Watching gymnasts perform on a balance beam that is less than 4 inches wide can be a heart pounding experience. The total concentration, years of practice, and perfect timing exhibited by these athletes can result in a thrilling performance. However, the slightest misstep can result in a fall that takes only a split second to occur. CEOs, in many ways, face even more challenging balancing acts. Unlike the gymnast’s balancing beam that is stable and predictable, the CEO must perform their balancing act with constant, and generally unpredictable, variations while also having to balance in four different directions. To be fair, CEOs often have far more opportunities to correct missteps and their “falls,” when they do occur. Most issues that a CEO faces do not require the same instantaneous response as those experienced by the gymnast. However, both the gymnast and the CEO are individually held accountable for their performance. For gymnasts, the audience is likely to be forgiving, and the gymnasts can move on to the next competition. CEOs that fall short of expectations rarely are given a second chance.
While the gymnast can concentrate on one thing, the CEO must balance four different, sometimes, opposing issues simultaneously, often in a hostile, unpredictable environment. Using the famous picture of Leonardo Davinci’s Vitruvian Man may be an appropriate pictorial analogy. In that picture, Davinci portrayed a man with his arms and legs extended diagonally, with fingers and toes touching either an all-encompassing square or circle. Although Davinci’s work has a different meaning, it can illustrate the four different forces “pulling” on a CEO that he must balance in order to stay upright. Those four forces are listed in Principle Three of this collection under the title of “Provide an Acceptable Return to All Investors.” That principle lists four investor categories ranked in order of their importance as listed below. The list provides a very brief rationale for each category that is fully explained in Volume II, Chapter 4.
- Employees: They are investing an irretrievable resource, their time.
- Partners: They are working with you instead of someone else, a major opportunity cost.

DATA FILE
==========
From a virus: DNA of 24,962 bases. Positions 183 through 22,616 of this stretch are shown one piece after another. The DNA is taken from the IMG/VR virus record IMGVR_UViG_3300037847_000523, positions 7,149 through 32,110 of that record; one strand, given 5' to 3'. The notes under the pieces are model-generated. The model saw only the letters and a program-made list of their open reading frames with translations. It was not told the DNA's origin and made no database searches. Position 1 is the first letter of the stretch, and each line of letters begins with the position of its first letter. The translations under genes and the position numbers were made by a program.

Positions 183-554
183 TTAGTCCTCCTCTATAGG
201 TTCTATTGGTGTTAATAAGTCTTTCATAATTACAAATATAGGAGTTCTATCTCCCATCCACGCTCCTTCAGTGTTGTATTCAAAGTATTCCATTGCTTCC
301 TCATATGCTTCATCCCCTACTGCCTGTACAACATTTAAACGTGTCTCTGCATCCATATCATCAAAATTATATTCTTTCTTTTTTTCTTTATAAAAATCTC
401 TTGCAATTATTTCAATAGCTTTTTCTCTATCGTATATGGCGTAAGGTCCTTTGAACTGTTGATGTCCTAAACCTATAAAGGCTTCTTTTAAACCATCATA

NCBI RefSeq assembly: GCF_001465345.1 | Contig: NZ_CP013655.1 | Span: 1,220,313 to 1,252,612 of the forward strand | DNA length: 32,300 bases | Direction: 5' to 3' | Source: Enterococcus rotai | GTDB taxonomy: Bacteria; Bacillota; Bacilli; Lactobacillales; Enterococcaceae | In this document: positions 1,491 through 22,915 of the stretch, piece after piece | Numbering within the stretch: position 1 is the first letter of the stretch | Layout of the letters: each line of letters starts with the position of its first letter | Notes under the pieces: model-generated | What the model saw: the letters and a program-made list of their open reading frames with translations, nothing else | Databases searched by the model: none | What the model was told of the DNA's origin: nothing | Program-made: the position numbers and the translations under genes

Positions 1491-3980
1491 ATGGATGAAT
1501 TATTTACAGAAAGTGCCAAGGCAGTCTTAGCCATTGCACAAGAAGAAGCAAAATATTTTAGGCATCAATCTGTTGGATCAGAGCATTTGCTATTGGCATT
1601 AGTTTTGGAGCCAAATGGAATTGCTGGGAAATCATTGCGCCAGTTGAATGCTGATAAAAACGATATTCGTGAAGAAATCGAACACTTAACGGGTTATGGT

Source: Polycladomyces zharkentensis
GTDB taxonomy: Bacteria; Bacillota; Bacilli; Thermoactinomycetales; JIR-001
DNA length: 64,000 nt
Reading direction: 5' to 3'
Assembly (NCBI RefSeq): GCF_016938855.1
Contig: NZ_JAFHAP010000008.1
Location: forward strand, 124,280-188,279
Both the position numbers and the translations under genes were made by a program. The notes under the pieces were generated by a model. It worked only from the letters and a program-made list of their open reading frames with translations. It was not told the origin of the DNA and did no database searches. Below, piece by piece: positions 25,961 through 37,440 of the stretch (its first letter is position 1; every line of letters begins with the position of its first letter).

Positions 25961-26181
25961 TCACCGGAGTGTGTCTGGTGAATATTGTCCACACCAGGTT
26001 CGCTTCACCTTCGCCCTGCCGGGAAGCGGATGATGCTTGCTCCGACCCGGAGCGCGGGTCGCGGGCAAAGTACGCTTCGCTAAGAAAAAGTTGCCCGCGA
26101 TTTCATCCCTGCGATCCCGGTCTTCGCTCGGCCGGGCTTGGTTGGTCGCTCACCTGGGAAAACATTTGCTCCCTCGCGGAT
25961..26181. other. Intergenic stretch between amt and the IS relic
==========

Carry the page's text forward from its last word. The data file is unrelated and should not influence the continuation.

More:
- Customers: They have embraced your product or service instead of some other alternative.
- Financial: They are expecting a superior return from your efforts versus alternative investments.
At first glance, the order of importance may seem to be reversed with Financial Investors at the top of the list. After all, Financial Investors are often the most vocal and quickest to judge a CEO’s performance and demand action, which may include their removal. Naturally, with that threat, many CEOs respond quickly to investor or Board of Director demands and are most sensitive to their requests over those of the other groups. However, consistent, superior, financial performance cannot be achieved unless the other three investor category’s needs are addressed first. Clearly, balancing the needs of all four groups is difficult. Further complicating the situation are external factors that are both unpredictable and uncontrollable. As one example, think of the almost universal impact the terrorist attacks on the World Trade Center on September 11, 2001 had on the entire business community. Virtually every CEO had to reconsider their balancing act and make adjustments accordingly.
Just like the gymnast needs to carefully and continuously consider a number of factors to stay on the beam and perform their amazing feats, a CEO needs to continuously think of all four investor groups in every action they take. It does not take a rigorous or time-consuming process to stay in balance. It all starts with a simple process consisting of asking the question: “If we do this, how will it impact each of my four investor categories?” Actions or inactions and the required timing will quickly surface, and perhaps with some minor corrective actions, the proper balance can be maintained.